“There’s quite a lot of pressure in order to perform. I’ve always felt that I can’t change the result, but I can give the horse the best ride that I can,” Kelly has said.
“Realistically, if you go there and personally perform at the best of your ability and give it the best ride you can’t really put in a lot more than that.
“The pressure comes from the fact that the festival itself has such respect in the racing community and also owners and trainers want to have winners at the festival.”
Could this be the year that we see the first female jockey to win the Gold Cup?
Bryony Frost will be aboard Frodon in the flagship renewal, and while as a 28/1 shot with the bookies the horse is a possible, rather than a probable, he still has some good form to call upon.
The seven-year-old has won both of his last pair of starts – at Cheltenham, incidentally – including a hugely impressive triumph in the Cotswold Chase over 3m last time out.
Here’s Frodon’s impressive victory, seeing off Elegant Escape in the BetBright Trial Cotswold Chase at @CheltenhamRaces
Paul Nicholls is now targeting the Cheltenham centrepiece over the Ryanairhttps://t.co/jJCgHoNOlC
Does Frodon have what it takes to be a Gold Cup winner? pic.twitter.com/xFLA67Dlkz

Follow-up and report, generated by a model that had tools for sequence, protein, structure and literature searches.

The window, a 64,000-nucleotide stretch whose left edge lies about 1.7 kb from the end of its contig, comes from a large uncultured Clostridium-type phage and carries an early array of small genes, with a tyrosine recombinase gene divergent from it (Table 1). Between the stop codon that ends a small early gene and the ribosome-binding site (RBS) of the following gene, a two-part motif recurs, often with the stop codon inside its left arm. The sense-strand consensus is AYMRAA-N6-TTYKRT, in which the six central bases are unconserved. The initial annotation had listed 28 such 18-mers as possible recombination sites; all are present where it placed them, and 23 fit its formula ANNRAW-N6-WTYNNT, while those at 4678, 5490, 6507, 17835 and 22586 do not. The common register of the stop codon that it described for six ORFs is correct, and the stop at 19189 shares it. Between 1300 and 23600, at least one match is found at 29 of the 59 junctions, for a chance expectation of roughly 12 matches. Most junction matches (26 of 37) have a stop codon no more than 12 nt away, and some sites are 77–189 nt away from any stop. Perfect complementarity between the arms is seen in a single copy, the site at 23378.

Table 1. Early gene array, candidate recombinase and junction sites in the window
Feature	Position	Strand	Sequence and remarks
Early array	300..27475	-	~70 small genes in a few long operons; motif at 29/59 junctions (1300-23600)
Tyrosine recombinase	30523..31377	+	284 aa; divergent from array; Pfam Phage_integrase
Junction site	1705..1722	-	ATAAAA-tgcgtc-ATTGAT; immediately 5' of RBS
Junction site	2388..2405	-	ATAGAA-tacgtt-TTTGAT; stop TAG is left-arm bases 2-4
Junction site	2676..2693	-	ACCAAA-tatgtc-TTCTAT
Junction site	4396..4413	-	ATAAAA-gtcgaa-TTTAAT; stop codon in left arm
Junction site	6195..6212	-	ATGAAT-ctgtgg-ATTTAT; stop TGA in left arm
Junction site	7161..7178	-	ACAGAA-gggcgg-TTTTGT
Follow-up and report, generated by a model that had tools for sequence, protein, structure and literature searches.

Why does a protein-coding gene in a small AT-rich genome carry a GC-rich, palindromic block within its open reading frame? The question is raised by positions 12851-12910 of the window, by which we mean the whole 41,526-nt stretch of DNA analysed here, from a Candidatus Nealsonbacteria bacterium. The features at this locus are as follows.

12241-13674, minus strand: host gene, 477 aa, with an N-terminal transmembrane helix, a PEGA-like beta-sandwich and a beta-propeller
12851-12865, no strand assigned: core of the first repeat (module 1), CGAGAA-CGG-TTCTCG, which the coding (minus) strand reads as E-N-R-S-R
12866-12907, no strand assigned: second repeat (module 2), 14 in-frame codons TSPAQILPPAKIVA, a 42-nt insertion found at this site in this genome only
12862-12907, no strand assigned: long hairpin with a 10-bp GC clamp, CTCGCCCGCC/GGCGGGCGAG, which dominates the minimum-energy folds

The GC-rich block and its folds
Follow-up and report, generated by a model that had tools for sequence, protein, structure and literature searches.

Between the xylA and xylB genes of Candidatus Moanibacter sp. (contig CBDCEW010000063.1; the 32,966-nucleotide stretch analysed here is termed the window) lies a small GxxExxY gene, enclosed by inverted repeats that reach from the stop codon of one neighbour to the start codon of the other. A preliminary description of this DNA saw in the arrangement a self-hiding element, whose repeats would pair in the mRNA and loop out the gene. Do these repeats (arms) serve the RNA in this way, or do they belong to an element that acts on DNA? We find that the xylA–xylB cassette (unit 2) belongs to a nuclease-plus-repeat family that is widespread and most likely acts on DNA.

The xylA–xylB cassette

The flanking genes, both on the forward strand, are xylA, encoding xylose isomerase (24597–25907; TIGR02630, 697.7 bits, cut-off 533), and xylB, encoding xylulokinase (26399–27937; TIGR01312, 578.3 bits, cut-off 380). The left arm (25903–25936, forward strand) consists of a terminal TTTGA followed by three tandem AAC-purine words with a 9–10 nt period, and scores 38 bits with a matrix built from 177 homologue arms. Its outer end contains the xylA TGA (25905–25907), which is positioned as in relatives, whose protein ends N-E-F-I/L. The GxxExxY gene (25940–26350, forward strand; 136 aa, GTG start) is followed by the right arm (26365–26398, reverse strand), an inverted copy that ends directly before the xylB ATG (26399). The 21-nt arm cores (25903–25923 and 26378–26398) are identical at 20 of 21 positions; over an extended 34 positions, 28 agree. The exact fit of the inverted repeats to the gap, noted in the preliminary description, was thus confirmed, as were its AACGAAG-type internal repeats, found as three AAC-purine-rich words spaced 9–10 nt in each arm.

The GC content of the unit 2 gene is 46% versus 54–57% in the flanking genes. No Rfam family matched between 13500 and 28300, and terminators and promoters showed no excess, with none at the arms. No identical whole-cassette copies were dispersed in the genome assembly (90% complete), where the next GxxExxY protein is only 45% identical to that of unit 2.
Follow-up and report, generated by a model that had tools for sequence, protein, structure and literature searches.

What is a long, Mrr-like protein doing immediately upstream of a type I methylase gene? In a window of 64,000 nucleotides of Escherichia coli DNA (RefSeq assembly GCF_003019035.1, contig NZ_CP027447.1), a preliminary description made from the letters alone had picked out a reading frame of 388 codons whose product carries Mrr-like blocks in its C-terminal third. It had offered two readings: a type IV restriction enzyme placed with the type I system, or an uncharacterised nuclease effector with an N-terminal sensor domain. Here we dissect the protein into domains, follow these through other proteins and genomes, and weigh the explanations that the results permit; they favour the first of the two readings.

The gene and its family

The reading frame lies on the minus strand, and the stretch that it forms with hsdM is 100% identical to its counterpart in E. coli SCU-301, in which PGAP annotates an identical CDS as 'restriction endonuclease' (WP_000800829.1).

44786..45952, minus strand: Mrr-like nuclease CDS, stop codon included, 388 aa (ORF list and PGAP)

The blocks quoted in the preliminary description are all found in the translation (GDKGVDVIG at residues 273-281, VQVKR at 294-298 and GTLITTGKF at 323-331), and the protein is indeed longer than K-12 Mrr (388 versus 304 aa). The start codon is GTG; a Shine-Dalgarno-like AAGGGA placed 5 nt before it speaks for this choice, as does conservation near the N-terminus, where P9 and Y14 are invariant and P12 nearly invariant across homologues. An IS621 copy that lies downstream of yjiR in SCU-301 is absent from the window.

— ITV Racing (@itvracing) 28 January 2019
How will he handle the step up to Grade One company? We shall have to wait and see, but this is a horse with plenty of gas in the tank.
Frost will also take the ride on Black Corton, the ever-game French horse that has twice won at the track.
Some pundits believe she is one of the best steeplechase riders around, but you won’t hear Frost getting carried away by the praise.
“I’m just trying to make sure that I’m improving every time I go out and ride a horse,” she told The Guardian.
“I watch every replay. I feel like, if you think that you’re good enough and you’ve got to where you should be, that’s the moment you start going backwards. I believe that next year I’ll be 10lb better than I am now.”
If she can land Gold Cup or even Ryanair Chase glory aboard Frodon, she’ll be watching the replay for years to come.
The Irish ace is on the brink of creating history after forcing her way into the reckoning for the Irish Champion Jockey title; she will battle it out with Paul Townend and Davy Russell for the ultimate honour over the coming weeks.
Blackmore could enhance her CV yet further at the Cheltenham Festival, where she will take the mount of Monalee, who is entered in the Gold Cup but who looks a real contender for honours in the Ryanair Chase too.
And then there’s Balko Des Flos and Sub Lieutenant too, both of whom are live contenders for glory at the racing extravaganza.
Mind you, you won’t see Blackmore getting carried away.
“I think Eddie [O’Leary] approached Henry de Bromhead at the start of the summer and maybe said ‘would you use Rachael for some of our horses?’, and Henry said yes,” she recalls.
“His horses were flying at the time, and I was the lucky one that got the leg-up on them, and that’s how it started.
“I’m riding a lot for Henry – not just Gigginstown – it’s a case of being in the right yard at the right time, and things are really clicking at the moment.”
She’s very modest, clearly, but if Blackmore can land a winner at Cheltenham next week even she will surely have just cause to talk up her talents.